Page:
After making an unheralded passage under Interstate 5, the river flows past the small town of Edgewood and is soon stilled by the Dwinnell Dam, which forms Lake Shastina. This is the only impoundment of the Shasta River. Beyond the dam, the river meanders north, through the Shasta Valley. Unlike most rivers in the North State, the majority of the Shasta’s course is characterized as high desert. Sage and juniper are common here, where most of the other rivers have a riparian environment or a more alpine mix of pine and fir. Consequently, the arid land gives the Shasta River an atmosphere that is more akin to the northern half of the Deschutes River or the Malheur River, two of eastern Oregon’s high desert rivers. It may be a dry land but it does not lack beauty, enhanced all the more by the overwhelming presence of mighty, glacier-clad Mount Shasta. The great mountain can be seen from most of the river’s course. Ironically, the massive volcano contributes no water to the Shasta River. What little water flows north does so primarily through Whitney Creek, which typically dissipates into the parched, porous land of the Shasta Valley long before it reaches the Shasta River.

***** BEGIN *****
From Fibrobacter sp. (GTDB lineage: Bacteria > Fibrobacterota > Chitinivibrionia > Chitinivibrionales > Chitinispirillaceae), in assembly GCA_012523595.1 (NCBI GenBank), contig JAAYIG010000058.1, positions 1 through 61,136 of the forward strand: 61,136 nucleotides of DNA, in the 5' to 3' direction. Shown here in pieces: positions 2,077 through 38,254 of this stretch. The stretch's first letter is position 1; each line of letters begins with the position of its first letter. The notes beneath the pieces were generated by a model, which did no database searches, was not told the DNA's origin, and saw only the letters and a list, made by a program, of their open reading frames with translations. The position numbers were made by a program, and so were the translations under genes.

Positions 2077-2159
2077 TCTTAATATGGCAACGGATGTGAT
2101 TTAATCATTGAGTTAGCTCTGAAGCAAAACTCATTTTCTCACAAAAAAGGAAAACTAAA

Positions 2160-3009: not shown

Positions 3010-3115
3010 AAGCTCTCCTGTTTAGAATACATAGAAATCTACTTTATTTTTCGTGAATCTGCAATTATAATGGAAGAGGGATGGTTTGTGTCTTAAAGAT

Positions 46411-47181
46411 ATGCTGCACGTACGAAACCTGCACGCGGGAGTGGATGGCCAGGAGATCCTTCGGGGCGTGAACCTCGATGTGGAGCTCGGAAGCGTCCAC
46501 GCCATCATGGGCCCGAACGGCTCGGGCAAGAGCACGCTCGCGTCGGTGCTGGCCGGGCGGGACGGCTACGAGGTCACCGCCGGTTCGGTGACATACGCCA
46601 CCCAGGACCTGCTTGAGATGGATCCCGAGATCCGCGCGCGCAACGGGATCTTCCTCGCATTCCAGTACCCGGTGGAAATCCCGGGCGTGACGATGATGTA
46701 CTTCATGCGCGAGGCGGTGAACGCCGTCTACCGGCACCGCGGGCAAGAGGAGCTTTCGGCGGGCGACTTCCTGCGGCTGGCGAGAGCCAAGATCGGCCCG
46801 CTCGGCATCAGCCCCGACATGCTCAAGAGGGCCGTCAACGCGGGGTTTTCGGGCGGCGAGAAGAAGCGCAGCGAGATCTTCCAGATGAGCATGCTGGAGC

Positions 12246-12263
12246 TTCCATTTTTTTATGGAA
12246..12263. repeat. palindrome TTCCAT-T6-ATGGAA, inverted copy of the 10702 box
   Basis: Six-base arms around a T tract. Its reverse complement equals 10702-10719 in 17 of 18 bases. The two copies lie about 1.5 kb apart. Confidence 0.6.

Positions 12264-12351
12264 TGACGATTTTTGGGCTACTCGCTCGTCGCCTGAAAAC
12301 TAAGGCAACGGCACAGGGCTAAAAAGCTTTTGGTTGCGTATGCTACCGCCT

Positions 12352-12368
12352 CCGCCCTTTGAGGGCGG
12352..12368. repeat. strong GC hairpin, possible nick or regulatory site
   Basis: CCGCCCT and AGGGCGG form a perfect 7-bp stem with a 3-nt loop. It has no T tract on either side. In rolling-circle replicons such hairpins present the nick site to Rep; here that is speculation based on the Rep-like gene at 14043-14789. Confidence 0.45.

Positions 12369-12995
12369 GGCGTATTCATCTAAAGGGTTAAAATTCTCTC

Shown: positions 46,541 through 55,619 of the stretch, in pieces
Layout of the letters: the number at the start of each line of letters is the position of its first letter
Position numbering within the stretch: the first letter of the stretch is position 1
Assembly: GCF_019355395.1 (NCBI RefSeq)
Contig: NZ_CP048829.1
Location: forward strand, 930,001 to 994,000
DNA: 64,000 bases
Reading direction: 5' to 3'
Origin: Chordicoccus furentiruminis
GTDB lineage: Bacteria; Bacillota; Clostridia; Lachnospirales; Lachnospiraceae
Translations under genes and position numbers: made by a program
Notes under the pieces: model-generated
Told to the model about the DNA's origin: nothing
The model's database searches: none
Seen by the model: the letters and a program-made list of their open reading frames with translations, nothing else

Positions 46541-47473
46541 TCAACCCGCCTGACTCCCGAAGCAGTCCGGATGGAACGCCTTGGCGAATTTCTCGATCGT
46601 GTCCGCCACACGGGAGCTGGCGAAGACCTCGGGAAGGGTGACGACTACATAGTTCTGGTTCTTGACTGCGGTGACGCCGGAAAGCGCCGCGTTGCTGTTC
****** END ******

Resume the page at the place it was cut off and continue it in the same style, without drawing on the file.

While making its northward journey, the Shasta River is eventually joined by the Little Shasta River, the largest tributary of the Shasta. Although a rather diminutive waterway, the Little Shasta River makes an impressive trip of its own. With its source in the large but seldom visited Little Shasta Meadow high on the flanks of the Cascades’ Willow Creek Mountain, the river makes a steep descent down the western slope of the Cascades. It eventually enters a rugged canyon that cuts into the region between Willow Creek Mountain and the towering volcanic dome of the Goosenest. At the canyon’s outlet the Little Shasta River passes fascinating lava formations such as Solomon’s Temple and Table Rock. The Little Shasta then makes a slow, meandering push to the west, flowing through the northern Shasta Valley. Part of this section of its course enters the Shasta Valley Wildlife Refuge, one of the few publicly accessible areas in the entire Shasta River watershed. It finally arrives at its confluence with the Shasta River just south of Montague.